Twelve percent of respondents said they would not get a vaccine, citing a variety of reasons, such as a lack of long-term studies on the vaccines and a belief that young people are not at high risk.

Quarantines for unvaccinated students?

Colleges and universities are letting students know the consequences of not being vaccinated when they arrive on campus in the fall.

“Going back to a higher-density classroom, students who are not vaccinated may have more difficulty, may end up being quarantined or may have other situations that they may not be able to participate in because that would put them at risk,” said Sara R. Morris, vice president for academic affairs at Canisius.

A big carrot for students to get vaccinated will be the ability to stay out of quarantine if they get exposed to Covid-19, added Thomas Missel, chief communications officer at St. Bonaventure University.

Vaccinated students also would not need to be tested regularly for Covid-19 or fill out daily screening forms, he added.

St. Bonaventure also has potential wild-card motive for students: The state, as it does at KeyBank Center and other venues, possibly could limit attendance at the university’s Reilly Center to those who can show proof of vaccination or a negative Covid test within 72 hours.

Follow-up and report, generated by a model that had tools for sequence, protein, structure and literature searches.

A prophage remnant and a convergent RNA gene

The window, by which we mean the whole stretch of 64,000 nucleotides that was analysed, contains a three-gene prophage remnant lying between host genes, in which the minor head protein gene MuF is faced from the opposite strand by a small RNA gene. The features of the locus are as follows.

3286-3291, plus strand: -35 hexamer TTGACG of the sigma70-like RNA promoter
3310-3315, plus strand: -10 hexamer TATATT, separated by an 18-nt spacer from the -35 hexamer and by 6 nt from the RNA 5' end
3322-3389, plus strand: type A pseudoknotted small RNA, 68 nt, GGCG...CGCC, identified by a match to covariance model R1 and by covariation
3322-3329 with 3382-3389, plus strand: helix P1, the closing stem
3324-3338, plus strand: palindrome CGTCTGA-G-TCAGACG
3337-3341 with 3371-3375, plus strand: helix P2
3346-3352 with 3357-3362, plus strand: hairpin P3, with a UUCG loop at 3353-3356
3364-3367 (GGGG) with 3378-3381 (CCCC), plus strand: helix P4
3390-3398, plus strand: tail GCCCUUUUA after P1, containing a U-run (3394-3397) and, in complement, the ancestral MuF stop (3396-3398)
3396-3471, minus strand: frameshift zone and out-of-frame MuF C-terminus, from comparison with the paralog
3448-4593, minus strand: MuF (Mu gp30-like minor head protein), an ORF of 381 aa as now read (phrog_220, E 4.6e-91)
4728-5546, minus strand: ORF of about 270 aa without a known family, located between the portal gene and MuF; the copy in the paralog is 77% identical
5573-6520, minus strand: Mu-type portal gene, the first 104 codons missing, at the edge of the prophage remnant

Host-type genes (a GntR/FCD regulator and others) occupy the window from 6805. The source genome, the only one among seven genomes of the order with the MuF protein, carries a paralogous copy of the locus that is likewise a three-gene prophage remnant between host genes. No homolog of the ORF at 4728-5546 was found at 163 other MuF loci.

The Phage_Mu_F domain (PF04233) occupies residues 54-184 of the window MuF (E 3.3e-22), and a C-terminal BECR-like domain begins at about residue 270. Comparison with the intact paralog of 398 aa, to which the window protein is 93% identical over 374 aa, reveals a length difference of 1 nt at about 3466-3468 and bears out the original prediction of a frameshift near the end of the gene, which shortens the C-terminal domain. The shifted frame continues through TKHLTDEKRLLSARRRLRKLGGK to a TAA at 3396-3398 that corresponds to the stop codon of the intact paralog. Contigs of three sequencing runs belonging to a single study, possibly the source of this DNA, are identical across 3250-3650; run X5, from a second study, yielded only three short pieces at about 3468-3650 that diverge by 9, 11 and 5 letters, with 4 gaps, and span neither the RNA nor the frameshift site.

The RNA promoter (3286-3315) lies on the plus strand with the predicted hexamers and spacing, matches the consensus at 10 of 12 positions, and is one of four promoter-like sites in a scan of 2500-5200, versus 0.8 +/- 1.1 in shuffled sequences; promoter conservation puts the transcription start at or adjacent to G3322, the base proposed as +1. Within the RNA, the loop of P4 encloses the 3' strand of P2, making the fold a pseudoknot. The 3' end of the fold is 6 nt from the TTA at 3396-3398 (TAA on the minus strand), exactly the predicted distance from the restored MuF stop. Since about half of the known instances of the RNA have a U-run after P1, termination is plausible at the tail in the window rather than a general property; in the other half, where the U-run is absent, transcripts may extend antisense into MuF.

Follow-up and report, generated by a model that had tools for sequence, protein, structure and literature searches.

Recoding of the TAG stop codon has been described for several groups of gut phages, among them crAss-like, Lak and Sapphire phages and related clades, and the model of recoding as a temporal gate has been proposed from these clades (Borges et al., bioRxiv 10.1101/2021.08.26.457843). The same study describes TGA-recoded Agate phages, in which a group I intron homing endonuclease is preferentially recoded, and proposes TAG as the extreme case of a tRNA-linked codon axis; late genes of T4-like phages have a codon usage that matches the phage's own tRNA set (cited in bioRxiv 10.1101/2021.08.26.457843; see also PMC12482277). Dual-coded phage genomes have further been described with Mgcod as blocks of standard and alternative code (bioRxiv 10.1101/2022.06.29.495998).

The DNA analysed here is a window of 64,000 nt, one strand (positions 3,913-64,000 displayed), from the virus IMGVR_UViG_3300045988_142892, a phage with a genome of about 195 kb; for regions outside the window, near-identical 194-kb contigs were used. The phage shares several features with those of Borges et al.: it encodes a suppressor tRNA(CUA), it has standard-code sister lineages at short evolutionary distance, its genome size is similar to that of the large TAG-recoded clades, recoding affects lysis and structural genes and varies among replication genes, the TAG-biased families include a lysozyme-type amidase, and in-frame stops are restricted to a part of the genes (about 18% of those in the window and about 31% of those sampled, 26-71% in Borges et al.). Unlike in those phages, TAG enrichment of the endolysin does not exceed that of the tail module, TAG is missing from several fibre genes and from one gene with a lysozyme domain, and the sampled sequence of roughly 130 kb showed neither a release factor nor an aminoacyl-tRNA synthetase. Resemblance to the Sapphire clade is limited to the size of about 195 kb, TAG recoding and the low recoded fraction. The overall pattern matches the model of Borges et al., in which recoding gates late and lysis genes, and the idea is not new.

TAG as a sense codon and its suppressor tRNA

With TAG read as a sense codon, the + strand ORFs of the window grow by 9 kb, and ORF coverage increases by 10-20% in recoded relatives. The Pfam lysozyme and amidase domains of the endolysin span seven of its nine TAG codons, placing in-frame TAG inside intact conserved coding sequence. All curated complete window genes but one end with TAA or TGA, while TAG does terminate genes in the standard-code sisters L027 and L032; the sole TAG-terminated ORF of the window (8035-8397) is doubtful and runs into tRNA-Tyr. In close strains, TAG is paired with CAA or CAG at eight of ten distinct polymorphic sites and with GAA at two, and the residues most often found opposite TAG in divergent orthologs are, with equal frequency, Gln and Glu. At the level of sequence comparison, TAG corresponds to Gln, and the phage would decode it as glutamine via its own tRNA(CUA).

“We’re bringing back what’s almost certainly a preseason Top 25 basketball team for the first time in 50 years and the fact that you might not be able to go to a Bonnies game because you’re not vaccinated might be another incentive to get vaccinated,” said Missel. “That’s something that I don’t know if we would mandate, but it wouldn’t stun me if the state might mandate that.”

Even though college-age students have had access to the vaccine only for a few weeks, 44% of St. Bonaventure’s graduating seniors have told the university that they are fully vaccinated, said Missel.

Missel said the college will continue to consult with people on the issue of a vaccine requirement.

"But as everyone has realized during the pandemic, what you believe today could be totally different tomorrow," Missel said. "It just might make perfect sense to do it and mandate in a month but at the moment it doesn’t make sense for us to do it.”

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My byline has run in the Ithaca Journal, USA Today, the Rochester Democrat & Chronicle and the New York Times. I have been a staff reporter at The Buffalo News since 2002 and currently am part of the watchdog team.